careers of Dylan and Springsteen half a lifetime later. But it would
be hard to imagine a less typical auditioning artist than the one
who sat on the piano bench in Columbia Record's New York
studios that day in 1963.

Denny Zeitlin was in his mid-20s and still hadn't made his first
album. While others of his generation had been taking sideman
gigs with name jazz bands or scuffling for work in New York, Zeitlin
was in Baltimore, studying medicine at Johns Hopkins University
School of Medicine. (In case you don't follow healthcare
pedagogy, let me note that this is considered by many as the
premier—and most demanding—medical school in the nation.)
Zeitlin had traveled to New York not for a gig, or even an audition
with Mr. Hammond. He had come to New York for Columbia the
University (where he was participating in a ten-week fellowship) not
Columbia the record label.

Jack Reilly recently shared an anecdote about auditioning for
Columbia the previous day, and having the session quickly come
to an end because he wanted to play his original compositions and
not standards. Now Zeitlin was in the hot seat, and Hammond must
have been impressed. Dr. Zeitlin soon found himself in the strange
position of being signed by the label and groomed for jazz
stardom, while finishing his medical degree and preparing for his
internship at San Francisco General Hospital.
It was inevitable that Columbia and Zeitlin would eventually part
ways. The challenges of a dual career prevented Zeitlin from
pursuing the round-the-year touring and full time commitment to
jazz that studio execs expect from artists on the company's roster.
But the music Zeitlin made during this brief interlude ranks among
the finest jazz piano work of the era. On his studio projects
Cathexis, Carnival and Zeitgeist—long out of print but finally made
available on a Mosaic reissue a few weeks ago—and the still hard-
to-find Live at the Trident, Zeitlin was redefining the jazz keyboard
vocabulary and establishing a conception of the piano trio that
strikingly anticipated the later evolution of the music.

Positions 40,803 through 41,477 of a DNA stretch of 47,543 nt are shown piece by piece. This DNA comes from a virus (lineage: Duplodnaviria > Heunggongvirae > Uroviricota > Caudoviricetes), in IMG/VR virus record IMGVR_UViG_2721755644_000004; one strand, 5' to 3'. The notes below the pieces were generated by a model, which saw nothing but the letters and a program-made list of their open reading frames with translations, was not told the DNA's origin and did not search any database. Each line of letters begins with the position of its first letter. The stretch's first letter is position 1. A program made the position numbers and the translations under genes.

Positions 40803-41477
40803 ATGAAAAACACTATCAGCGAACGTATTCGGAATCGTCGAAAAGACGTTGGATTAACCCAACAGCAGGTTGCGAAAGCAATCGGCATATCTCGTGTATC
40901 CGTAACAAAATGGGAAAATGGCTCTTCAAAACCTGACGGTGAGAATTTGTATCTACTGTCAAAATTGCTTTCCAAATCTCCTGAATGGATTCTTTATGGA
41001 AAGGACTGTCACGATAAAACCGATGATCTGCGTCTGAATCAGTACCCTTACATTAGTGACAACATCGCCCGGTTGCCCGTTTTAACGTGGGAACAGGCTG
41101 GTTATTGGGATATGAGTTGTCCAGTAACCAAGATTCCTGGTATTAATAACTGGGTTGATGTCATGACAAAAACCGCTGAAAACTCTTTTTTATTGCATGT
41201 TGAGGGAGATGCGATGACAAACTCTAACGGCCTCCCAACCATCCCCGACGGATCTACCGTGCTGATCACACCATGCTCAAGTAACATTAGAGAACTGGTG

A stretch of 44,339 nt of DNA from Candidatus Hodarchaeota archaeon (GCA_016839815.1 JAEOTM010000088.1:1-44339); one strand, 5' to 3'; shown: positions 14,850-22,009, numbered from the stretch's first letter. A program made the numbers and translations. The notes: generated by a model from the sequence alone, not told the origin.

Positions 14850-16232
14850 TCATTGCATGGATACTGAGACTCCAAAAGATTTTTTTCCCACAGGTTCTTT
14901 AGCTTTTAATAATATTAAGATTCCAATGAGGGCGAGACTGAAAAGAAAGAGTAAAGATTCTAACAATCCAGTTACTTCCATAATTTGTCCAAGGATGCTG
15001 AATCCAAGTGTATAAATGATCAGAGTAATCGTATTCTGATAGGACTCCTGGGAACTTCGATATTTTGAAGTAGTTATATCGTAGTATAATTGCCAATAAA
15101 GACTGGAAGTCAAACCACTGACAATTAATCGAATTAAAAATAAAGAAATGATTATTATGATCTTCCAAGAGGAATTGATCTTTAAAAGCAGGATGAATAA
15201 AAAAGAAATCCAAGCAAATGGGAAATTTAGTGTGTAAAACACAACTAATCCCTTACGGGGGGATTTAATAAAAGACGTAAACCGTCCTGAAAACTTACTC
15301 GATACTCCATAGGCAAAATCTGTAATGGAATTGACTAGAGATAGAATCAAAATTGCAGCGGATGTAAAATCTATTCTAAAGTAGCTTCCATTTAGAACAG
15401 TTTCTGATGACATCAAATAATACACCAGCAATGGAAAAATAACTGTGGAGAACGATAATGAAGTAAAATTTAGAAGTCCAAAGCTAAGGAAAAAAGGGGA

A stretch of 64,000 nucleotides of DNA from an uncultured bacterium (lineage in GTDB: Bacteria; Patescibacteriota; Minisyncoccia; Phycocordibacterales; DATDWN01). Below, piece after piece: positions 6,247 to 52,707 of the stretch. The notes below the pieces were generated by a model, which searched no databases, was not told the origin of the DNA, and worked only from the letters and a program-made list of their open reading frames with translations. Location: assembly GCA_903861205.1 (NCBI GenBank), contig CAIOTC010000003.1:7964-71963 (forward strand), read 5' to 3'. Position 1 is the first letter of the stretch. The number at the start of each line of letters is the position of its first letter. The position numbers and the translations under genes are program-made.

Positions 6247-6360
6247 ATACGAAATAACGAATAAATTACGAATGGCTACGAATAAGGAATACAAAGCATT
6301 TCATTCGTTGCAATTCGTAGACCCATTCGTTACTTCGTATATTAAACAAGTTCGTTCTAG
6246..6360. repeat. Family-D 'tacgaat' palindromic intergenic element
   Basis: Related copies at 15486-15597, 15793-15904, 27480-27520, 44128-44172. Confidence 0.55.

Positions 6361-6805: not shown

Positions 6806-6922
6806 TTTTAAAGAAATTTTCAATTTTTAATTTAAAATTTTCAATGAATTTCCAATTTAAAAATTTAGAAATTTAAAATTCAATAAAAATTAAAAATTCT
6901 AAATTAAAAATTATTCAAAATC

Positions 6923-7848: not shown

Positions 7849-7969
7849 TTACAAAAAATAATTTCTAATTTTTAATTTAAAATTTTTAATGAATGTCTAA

I remember talking to Denny some years back about his Columbia
recordings, and probing him about the existence of unreleased
gems in the tapes. He dismissed the idea, claiming that the there
was little of interest beyond the material that had shown up on the
albums. And this remained his attitude until Mosaic sent him 17
outtakes from these mid-1960s sessions, of which he approved 15
for inclusion on the new box set. These are not just alternate
versions of the master takes, but include original compositions and
other new material. By any measure, this Mosaic release
(available in a limited edition of 5,000 copies) is now the place to
begin in coming to grips with this important pianist.

And why is Denny Zeitlin important? There is the obvious matter of
his formidable technical command of the instrument. His touch, his
dynamics, his clarity of execution are exemplary. But even more to
the point, Zeitlin came to grips with virtually all of the pressing
issues facing the jazz keyboardists of his generation. These were
matters that most of his contemporaries addressed partially or with
varying degrees of success, or (in some instances) tried to ignore.
But Zeitlin's penetrating intellect and vision allowed him to find
solutions where others merely encountered problems.

These were the looming issues in jazz pianism during the mid-

(1) How to balance the trade-off between the quest for "freedom"